This week, the Warrior Word staff interviewed Mr. Yang, a new science teacher at the school. He teaches chemistry, physics, engineering, and the computer elective. Get to know him as he discusses his background, his goals as a teacher, and his hobbies.
Kayla Herssein: Where were you born and raised?
Mr. Yang: I was born and raised in ShangHai, China. I moved to the U.S. in high school. I had been living in Los Angeles for many years before I moved to New York, and then I lived in New York for two years, and then I came here.
Sara Reinberg: Can you tell us about your family?
MY: I could spend like an hour talking about my family. Okay, I’ll talk about it. Both of my parents are also high school teachers. They teach in ShangHai, China. My mom teaches literature, and my dad teaches politics. But I’m a science student, so I guess I didn’t inherit their genetics, or something. And I’m the only child; I don’t have any siblings. I won’t have any either. I guess that’s it. All of my family is currently in China, I don’t have any in the U.S. now. They come here to visit me. I haven’t been back home for like six or eight years.
KH: Why did you move to Miami?
MY: Because I enjoy the weather and the vibe here. The food is great. I am a beachgoer. I live right on the beach. I literally go to the beach every weekend. Yeah, I like warm weather, especially after spending two harsh winters in New York. I really want my skin to, you know, sort of warm up a little bit. And yeah, that’s it.
SR: How is America different from China?
MY: It’s a lot. It’s more international, you do see a lot of different faces. In China it’s more uniform I guess. Everyone looks the same, speaks in the same ways. It’s a lot less differentiated, I would say. And there’s different culture too. I would say in America, people are a lot more outgoing and more sociable. In China, people don’t really talk to each other on the streets or anything.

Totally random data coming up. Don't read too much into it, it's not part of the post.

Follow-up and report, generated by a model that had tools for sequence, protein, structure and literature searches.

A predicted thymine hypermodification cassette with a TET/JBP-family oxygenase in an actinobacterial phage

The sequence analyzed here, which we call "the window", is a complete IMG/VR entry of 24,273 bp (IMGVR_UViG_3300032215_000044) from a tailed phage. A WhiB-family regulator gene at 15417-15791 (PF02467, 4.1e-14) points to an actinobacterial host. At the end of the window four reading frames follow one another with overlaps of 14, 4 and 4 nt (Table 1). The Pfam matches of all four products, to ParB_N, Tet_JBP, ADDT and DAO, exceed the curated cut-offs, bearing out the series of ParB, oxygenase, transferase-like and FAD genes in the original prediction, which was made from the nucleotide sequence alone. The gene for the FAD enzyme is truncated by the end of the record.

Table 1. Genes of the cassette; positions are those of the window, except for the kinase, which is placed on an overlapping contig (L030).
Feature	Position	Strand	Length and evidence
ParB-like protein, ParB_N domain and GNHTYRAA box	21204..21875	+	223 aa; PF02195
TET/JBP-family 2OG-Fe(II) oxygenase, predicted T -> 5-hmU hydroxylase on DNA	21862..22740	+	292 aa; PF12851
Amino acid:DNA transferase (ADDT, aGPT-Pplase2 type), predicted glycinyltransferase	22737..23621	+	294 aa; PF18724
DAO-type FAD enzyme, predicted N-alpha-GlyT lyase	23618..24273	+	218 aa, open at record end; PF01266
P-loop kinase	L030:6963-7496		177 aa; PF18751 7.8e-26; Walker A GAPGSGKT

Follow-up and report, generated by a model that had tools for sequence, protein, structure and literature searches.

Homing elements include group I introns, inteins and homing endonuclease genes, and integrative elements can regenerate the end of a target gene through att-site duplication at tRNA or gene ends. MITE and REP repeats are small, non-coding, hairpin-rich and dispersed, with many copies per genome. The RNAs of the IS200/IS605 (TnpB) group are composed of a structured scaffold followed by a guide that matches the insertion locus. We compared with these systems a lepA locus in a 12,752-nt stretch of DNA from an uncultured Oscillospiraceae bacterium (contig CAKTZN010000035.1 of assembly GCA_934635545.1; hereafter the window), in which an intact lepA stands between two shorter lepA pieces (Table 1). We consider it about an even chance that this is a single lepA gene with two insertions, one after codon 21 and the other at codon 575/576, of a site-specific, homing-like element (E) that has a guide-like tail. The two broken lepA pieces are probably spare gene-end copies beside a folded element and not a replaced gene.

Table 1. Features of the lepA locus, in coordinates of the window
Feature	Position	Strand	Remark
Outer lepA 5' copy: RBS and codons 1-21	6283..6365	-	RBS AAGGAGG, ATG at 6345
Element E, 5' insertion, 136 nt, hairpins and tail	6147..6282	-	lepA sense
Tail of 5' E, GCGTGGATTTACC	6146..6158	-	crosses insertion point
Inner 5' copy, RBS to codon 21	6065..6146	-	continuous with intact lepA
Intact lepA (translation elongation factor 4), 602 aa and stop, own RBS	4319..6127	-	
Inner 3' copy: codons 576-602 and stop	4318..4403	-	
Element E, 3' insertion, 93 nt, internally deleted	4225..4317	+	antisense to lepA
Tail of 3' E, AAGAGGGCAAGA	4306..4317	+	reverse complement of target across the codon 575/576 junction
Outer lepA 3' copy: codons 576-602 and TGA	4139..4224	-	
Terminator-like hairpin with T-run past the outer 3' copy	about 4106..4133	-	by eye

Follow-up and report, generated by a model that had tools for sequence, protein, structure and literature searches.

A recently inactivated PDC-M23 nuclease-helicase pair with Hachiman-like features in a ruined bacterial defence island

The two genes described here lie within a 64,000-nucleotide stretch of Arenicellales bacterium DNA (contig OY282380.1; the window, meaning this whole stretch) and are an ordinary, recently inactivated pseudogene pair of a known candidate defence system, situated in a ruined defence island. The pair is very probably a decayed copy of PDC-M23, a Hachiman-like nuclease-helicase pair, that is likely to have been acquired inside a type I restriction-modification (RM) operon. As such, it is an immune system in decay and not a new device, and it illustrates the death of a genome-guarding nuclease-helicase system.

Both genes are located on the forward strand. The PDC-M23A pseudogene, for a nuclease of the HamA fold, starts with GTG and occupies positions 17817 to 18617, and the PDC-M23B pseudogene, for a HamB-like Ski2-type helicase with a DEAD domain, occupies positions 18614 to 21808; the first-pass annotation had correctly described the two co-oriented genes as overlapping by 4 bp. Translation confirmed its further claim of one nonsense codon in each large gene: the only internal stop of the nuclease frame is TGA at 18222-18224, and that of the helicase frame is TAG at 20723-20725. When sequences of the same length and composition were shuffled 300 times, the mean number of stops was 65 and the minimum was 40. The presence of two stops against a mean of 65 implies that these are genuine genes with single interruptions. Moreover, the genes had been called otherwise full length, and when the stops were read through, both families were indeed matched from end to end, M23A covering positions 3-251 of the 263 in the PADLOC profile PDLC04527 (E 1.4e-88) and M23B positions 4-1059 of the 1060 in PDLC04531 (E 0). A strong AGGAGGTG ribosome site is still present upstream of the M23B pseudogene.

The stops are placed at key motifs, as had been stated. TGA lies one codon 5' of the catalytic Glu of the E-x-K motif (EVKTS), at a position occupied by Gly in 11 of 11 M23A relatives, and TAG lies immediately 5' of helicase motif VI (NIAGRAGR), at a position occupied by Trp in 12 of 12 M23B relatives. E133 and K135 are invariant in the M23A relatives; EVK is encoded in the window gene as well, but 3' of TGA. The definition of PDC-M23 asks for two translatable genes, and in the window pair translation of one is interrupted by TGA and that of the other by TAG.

KH: What challenges did you face during the transition from China to America?
MY: That was back many, many, many years ago. I didn’t face a lot of cultural shocks because I was raised in a western way, I guess. I attended an international school in China, and all my friends would be foreigners as well. And I didn’t have a language issue either, since I started learning English in like Kindergarten. I guess the only challenge I faced was that I was away from my parents. I was suddenly independent and alone before I was ready. I do remember calling my mom in the middle of the night crying and saying that I really want to go home, and it was a little tough for me. Academically, I had no problem at all because I felt the academics in the U.S. are easier than in China. Otherwise, I did manage to make a lot of friends and get along well with my teachers. And the people that I met here were really nice.
SR: How long have you been teaching for?
MY: This is my first year. Two months- or one month. Just one month.
KH: How did you get into teaching science?